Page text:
All you need from your credit card processor is the right program. That program is found in Cost Plus Flat Fee Pricing. If you find a credit card processor that offers Cost Plus Flat Fee Pricing without any per transaction fees or swipe fees in their agreement, then you too can pay just 21 cents per transaction, just like the big box stores. Unfortunately, Cost Plus Flat Fee Pricing is still a new and innovative concept that most credit card processors have not caught on to yet, so finding one may be hard. The good news, the blog you are reading right now is run by a company that does just that.
Contact us at www.ogflatfee.com, right now, to find out how you too can take advantage of this new bill and pay only the federal minimum of 21 cents for every transaction.
Why the Lack of Transparency in Credit Card Processing?
Why are business owners paying more for credit card processing than their sales rep said they would at the end of the month? Why are the statements sent from processing companies so confusing that only a professional can understand what the numbers mean? Is credit card processing really this complicated?
The simple answer: No.
Since the advent of credit card processing there has never been an industry wide pricing standard for this service for small to medium sized businesses to make comparisons with. No two processing companies are alike and there seem to be endless ways that processors can make a profit off business owners.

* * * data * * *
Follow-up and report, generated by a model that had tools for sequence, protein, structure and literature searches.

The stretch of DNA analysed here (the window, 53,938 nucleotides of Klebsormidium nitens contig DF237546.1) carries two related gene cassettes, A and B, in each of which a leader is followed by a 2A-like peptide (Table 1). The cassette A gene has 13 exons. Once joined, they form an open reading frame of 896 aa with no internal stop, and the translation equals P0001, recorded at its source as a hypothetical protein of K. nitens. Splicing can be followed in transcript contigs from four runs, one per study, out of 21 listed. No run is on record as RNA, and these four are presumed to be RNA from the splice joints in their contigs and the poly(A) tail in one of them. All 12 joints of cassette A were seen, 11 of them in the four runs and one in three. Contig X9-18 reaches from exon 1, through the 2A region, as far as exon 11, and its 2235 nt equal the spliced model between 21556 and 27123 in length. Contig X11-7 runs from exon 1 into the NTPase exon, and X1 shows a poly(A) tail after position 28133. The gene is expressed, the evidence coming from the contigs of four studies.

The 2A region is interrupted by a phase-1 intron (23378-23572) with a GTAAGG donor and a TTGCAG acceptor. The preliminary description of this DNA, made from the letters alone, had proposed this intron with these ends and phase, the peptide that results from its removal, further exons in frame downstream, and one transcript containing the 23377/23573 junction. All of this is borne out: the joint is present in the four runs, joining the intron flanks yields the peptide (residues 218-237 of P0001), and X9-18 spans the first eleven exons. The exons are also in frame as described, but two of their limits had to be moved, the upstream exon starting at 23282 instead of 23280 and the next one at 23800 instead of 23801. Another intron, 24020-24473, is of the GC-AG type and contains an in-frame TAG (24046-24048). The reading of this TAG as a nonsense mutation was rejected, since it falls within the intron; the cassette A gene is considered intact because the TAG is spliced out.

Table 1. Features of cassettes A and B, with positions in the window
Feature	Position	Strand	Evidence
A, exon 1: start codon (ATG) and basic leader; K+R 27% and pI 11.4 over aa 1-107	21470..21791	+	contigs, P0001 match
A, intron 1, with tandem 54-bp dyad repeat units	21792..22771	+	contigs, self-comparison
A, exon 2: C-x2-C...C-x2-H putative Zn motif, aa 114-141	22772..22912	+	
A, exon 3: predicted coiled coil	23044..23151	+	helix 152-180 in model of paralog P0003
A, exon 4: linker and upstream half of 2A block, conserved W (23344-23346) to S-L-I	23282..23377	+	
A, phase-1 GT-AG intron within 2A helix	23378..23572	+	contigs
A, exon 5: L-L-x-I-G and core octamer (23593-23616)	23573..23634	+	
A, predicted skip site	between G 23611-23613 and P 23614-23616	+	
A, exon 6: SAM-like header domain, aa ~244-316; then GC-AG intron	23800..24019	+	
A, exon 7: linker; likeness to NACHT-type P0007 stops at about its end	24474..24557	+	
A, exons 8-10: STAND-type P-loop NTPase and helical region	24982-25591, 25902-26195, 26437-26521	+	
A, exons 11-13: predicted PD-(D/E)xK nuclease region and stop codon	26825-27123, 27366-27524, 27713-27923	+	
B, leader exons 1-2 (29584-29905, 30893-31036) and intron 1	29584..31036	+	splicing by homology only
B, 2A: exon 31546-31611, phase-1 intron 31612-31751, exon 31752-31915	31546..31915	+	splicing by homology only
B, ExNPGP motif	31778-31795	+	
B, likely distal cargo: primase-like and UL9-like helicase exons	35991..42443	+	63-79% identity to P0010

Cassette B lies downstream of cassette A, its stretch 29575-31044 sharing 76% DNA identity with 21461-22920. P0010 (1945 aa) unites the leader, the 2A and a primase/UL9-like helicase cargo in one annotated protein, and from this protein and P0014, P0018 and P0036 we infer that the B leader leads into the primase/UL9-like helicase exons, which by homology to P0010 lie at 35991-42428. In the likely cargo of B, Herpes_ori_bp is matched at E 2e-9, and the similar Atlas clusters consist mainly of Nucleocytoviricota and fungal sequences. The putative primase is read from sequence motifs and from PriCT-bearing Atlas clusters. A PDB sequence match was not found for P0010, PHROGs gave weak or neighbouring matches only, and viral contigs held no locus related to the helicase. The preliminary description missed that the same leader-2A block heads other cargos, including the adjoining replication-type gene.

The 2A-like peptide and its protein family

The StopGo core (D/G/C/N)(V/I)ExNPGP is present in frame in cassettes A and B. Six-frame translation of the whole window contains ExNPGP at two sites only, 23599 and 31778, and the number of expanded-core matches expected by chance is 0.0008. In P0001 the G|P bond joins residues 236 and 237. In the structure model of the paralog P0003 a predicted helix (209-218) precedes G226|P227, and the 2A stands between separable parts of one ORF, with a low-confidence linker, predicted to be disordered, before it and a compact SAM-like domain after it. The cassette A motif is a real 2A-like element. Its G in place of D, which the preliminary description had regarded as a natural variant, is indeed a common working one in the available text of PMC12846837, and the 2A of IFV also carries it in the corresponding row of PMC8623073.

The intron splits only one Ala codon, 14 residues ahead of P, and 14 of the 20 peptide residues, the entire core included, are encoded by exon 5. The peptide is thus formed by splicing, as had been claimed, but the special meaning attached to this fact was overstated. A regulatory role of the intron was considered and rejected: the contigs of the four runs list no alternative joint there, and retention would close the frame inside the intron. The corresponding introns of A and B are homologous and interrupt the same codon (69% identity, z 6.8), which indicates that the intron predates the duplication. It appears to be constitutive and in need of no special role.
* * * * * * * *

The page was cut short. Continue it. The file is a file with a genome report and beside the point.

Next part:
Think about it this way. When getting your oil changed, you and everyone else getting their oil changed know what a fair deal is. It’s something that everyone does on a fairly regular basis, therefore the widespread public knowledge results in a industry standard. This way, if someone decides to give oil changes for $100, they will soon find themselves closing up shop. Credit card processing is not nearly as simple, but why not?
The public at large does not regularly shop for credit card processing, and even business owners, who are the select few making decisions about it, will only shop for credit card processing 3-5 times throughout the life of a single business. This reduced exposure to the industry drastically effects the average business owners knowledge about this service... and the processing companies know it, exploit it, and make profits to the tune of billions a year because of it.
By keeping the industry complicated these processing companies are making profits from hidden fees, junk fees, embedded rates, leasing equipment, merchant loans, undisclosed profit margins, the list goes on. The point is, most of these fees were never mentioned to business owners or fully explained at the time of the sale; the antithesis of transparency.